Someone wondered the other day why I would ever want to identify as an individualist. Unfortunately, “individualism” is a term that today is very misunderstood and sometimes maligned. So what does it mean to me to be an individualist anarchist?
It means that:
Like Benjamin Tucker, I advocate artisanal socialism. I believe in the law of equal liberty, that “interest is theft, rent robbery, and profit only another name for plunder.”
Like Federica Montseny, I advocate the liberation of women in a world dominated by men, and believe that the “emancipation of women would lead to a quicker realization of the social revolution.”
Like Emile Armand, I stand for the right of those whose sexuality and gender identification is outside the established norm to pursue love and happiness in their own way free from the oppression of the state and society.
Like Joseph Labadie, I stand for Labor against capitalist domination and advocate social change through trade and industrial unionism.
Like Enrico Arrigoni, I think there’s a time when you try to pop Fidel Castro, just because he fucked with your friends. There’s a time to say, ‘fuck it, I’m a keep throwin’ rocks!’ And there’s a time when you stroll in like ya own the place, even though you don’t have your “papers”, because you can.
Like Max Stirner, I believe that people only have as much liberty as they are willing to take.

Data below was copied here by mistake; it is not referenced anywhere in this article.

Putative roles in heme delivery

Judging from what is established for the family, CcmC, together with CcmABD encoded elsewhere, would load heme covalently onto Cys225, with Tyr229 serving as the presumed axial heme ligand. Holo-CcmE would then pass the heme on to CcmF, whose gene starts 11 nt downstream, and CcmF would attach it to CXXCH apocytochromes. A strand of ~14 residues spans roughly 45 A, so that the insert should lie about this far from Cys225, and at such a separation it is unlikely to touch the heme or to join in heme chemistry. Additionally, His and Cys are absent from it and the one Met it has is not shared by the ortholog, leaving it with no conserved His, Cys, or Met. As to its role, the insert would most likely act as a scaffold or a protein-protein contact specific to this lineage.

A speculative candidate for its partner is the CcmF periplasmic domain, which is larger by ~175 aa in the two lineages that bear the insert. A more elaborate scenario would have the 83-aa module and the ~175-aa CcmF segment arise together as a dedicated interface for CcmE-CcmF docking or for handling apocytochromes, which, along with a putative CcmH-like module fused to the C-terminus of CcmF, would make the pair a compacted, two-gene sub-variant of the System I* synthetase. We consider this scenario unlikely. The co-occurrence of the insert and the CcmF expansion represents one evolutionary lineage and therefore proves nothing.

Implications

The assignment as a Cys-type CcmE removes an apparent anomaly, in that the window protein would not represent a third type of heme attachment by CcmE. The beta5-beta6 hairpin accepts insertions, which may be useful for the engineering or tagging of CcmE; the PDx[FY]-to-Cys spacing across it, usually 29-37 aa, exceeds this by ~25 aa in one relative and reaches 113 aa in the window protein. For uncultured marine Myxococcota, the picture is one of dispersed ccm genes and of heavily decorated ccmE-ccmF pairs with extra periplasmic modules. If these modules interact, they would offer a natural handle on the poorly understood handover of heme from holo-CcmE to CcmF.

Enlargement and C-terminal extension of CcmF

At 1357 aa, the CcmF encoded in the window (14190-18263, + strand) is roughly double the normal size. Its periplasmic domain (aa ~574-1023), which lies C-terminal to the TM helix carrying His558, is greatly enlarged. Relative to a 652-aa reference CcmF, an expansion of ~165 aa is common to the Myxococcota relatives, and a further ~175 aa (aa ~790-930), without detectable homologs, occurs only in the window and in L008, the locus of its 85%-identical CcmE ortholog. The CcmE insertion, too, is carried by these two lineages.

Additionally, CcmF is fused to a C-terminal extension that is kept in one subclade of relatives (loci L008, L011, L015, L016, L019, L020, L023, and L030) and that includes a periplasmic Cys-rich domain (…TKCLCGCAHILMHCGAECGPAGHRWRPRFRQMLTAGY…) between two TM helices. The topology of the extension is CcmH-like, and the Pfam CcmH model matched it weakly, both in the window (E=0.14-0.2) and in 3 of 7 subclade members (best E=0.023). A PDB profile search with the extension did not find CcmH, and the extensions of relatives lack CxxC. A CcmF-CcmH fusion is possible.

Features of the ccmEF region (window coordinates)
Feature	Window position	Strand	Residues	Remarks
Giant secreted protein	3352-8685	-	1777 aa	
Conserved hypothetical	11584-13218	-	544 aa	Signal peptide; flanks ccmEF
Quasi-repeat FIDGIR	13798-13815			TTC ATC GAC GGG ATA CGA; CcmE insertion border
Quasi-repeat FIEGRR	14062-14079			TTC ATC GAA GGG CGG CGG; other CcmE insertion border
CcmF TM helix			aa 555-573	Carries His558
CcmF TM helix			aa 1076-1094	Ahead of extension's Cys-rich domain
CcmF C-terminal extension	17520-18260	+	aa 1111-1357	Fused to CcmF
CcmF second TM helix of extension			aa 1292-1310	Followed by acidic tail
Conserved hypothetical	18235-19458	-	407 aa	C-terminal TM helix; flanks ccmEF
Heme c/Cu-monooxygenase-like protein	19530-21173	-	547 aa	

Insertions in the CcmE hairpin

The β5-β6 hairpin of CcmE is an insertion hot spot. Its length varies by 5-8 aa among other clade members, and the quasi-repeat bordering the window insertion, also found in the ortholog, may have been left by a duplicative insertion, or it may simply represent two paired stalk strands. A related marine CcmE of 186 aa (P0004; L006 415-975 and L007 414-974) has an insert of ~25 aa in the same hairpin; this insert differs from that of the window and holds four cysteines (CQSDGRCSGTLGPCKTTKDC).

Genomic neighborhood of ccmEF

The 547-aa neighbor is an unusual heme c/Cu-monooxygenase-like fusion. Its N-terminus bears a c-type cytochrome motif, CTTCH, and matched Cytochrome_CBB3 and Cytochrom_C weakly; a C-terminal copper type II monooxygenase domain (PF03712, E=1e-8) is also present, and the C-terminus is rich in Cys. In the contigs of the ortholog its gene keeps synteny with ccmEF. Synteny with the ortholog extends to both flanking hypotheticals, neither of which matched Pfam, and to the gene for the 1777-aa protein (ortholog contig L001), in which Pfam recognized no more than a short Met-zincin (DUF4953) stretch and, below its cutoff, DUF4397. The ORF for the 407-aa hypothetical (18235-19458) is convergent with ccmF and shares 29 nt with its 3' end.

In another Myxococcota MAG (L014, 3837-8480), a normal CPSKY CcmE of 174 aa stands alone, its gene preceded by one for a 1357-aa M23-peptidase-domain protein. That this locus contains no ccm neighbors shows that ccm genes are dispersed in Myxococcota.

Like Han Ryner, I am an anti-racist, believing that race is “a dangerous idol”, “…especially when it is allied to religion”.
Like Maria Lacerda De Moura, I am an anti-militarist.
My main reason for rejecting state socialism is, as Miguel Giménez Igualada said, “[t]hat which we call capitalism is not something else but a product of the State, within which the only thing that is being pushed forward is profit, good or badly acquired. And so to fight against capitalism is a pointless task, since be it State Capitalism or Enterprise capitalism, as long as Government exists, exploiting capital will exist. The fight, but of consciousness, is against the State.”
Echoing Adeline Champney, I ask, “For who is society but myself and yourself and all selves? And what is human joy but my joy and your joy and the joy of each? And every joy of mine and every joy of yours and every joy that you or I can bring to any, all are so much added joy in the world. For how shall humanity rejoice while you and I are sad? ”
Like Rachel Campbell, I don’t believe in state marriage.
Like Voltairine De Cleyre, “Sometimes I dream of this social change. I get a streak of faith in Evolution, and the good in man. I paint a gradual slipping out of the now, to that beautiful then, where there are neither kings, presidents, landlords, national bankers, stockbrokers, railroad magnates, patent right monopolists, or tax and title collectors; …”
Like Luigi Galleani, I see communism as the final fulfillment of individualism.
And like the countless individualists of yesterday and today, who are out there practicing individual reclamation, smoking pot, breaking “dress codes”, black-blocking, dodging the draft, squatting, hoboing, going topless at the beach as a post-op transwoman, and otherwise thumbing their nose at “The Man”, I know that individual acts of disobedience create political instability, which in turn creates pressure for social change.
That’s what it means to be an individualist.
Don’t hate, appreciate.